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Québec, Canada

Lahaie P.,DRDC Valcartier
Proceedings of SPIE - The International Society for Optical Engineering | Year: 2014

The atmospheric correction of thermal hyperspectral imagery can be separated in two distinct processes: Atmospheric Compensation (AC) and Temperature and Emissivity separation (TES). TES requires for input at each pixel, the ground leaving radiance and the atmospheric downwelling irradiance, which are the outputs of the AC process. The extraction from imagery of the downwelling irradiance requires assumptions about some of the pixels' nature, the sensor and the atmosphere. Another difficulty is that, often the sensor's spectral response is not well characterized. To deal with this unknown, we defined a spectral mean operator that is used to filter the ground leaving radiance and a computation of the downwelling irradiance from MODTRAN. A user will select a number of pixels in the image for which the emissivity is assumed to be known. The emissivity of these pixels is assumed to be smooth and that the only spectrally fast varying variable in the downwelling irradiance. Using these assumptions we built an algorithm to estimate the downwelling irradiance. The algorithm is used on all the selected pixels. The estimated irradiance is the average on the spectral channels of the resulting computation. The algorithm performs well in simulation and results are shown for errors in the assumed emissivity and for errors in the atmospheric profiles. The sensor noise influences mainly the required number of pixels. © 2014 SPIE.

Ross V.,AEREX Avionique Inc. | Dion D.,DRDC Valcartier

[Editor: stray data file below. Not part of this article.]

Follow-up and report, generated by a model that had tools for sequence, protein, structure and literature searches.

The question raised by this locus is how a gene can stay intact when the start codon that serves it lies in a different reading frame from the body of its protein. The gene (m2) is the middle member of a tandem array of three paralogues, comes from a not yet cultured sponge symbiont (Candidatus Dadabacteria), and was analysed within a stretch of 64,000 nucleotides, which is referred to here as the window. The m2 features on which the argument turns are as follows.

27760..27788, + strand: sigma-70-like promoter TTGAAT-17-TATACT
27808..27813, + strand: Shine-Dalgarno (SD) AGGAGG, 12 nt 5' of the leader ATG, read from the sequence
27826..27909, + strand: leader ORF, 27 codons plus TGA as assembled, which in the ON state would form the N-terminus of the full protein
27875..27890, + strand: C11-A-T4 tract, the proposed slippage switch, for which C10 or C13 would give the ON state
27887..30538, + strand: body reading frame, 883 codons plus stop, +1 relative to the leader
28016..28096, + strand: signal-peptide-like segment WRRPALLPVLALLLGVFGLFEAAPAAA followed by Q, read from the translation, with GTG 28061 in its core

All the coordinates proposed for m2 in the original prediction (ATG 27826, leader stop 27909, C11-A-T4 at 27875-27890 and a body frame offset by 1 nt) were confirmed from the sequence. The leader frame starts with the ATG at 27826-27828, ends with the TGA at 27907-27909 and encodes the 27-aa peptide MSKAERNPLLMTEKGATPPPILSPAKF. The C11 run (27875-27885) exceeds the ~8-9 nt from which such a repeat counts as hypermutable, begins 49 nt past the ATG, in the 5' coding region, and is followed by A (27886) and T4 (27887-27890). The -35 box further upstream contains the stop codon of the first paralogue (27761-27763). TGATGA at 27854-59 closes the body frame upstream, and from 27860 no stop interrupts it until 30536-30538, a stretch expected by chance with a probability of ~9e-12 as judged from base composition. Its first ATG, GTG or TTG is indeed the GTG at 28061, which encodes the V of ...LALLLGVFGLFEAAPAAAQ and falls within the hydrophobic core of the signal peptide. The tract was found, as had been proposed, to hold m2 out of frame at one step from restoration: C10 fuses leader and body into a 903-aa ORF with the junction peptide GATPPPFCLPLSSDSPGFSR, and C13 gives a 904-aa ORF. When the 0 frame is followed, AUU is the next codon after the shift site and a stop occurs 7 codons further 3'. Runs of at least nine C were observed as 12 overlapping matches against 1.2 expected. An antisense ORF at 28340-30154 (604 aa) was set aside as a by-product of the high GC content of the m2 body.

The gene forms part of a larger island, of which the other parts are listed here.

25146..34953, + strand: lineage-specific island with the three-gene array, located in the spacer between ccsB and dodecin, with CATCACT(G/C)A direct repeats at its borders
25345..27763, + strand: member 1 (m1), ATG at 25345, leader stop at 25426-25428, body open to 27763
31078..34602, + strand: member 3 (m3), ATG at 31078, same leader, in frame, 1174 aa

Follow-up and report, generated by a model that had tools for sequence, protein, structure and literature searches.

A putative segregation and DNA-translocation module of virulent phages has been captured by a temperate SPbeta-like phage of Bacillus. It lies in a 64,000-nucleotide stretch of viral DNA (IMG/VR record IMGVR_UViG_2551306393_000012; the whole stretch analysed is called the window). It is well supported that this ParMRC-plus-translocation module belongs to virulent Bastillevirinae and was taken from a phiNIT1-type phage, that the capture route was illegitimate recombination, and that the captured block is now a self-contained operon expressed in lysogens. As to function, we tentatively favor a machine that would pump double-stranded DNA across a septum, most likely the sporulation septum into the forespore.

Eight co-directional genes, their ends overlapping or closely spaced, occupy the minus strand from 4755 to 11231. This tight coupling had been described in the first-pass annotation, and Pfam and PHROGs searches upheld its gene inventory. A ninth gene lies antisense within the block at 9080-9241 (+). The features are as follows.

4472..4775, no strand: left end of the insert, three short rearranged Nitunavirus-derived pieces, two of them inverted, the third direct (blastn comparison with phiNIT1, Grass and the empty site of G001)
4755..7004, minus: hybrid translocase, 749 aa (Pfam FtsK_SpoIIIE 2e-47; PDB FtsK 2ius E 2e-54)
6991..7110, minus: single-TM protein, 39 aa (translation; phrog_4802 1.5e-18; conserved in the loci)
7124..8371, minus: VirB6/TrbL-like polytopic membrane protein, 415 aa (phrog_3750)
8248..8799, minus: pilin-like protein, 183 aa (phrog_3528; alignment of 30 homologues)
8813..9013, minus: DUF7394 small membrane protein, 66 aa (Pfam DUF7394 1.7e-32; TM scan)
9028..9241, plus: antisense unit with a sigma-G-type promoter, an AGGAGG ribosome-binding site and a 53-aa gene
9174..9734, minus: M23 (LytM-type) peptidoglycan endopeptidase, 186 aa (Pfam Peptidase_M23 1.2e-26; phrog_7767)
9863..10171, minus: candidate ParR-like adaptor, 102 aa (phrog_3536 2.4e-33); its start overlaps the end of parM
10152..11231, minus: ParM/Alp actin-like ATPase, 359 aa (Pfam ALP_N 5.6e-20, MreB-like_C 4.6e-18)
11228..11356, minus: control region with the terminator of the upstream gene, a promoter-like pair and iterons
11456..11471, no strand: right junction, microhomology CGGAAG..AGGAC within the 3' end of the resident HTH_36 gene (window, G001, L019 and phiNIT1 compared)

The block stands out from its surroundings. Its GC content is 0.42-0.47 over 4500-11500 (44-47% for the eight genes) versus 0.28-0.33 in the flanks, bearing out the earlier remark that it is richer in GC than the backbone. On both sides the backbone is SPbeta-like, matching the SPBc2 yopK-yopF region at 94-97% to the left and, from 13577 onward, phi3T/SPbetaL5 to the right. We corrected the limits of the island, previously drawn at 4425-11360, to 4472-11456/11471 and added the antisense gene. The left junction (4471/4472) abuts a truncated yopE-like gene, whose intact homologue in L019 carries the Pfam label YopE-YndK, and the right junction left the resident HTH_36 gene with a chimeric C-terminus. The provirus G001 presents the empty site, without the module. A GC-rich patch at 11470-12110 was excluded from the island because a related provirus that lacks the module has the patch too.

Proceedings of SPIE - The International Society for Optical Engineering | Year: 2011

A new C++ library for radiative transfer calculations in the visible and infrared bands which uses MODTRAN as a primary source for atmospheric optical parameters has been developed at Defense R&D Canada, Valcartier (DRDC Valcartier). The main benefit of the library is its capability to perform fast wide spectral band calculations with an appreciably high accuracy. Coherent calculations on wide bands are made possible by using a modified version of the correlated-k theory. The main features of the library are discussed, and comparisons with conventional spectral MODTRAN 4 calculations are presented. It is shown that the library is capable of producing band results that are usually within 5% of MODTRAN 4 with computation times that are thousands of times faster. © 2011 SPIE.

Boudreau S.,Laval University | Levasseur S.,Laval University | Perilla C.,Laval University | Roy S.,DRDC Valcartier | Genest J.,Laval University
Optics Express | Year: 2013

High-resolution spectral lidar measurements using dual frequency combs as a source is presented. The technique enables the rangeresolved measurement of fine spectral features, such as gas absorption lines, provided that a suitable scatterer is present in the scene. Measurements of HCN absorption lines at 20 meters are presented, with a water droplet cloud and a diffusely reflective surface as scatterers. © 2013 Optical Society of America.

Berger J.,DRDC Valcartier | Lo N.,T OptLogic Ltd.
Computers and Operations Research | Year: 2015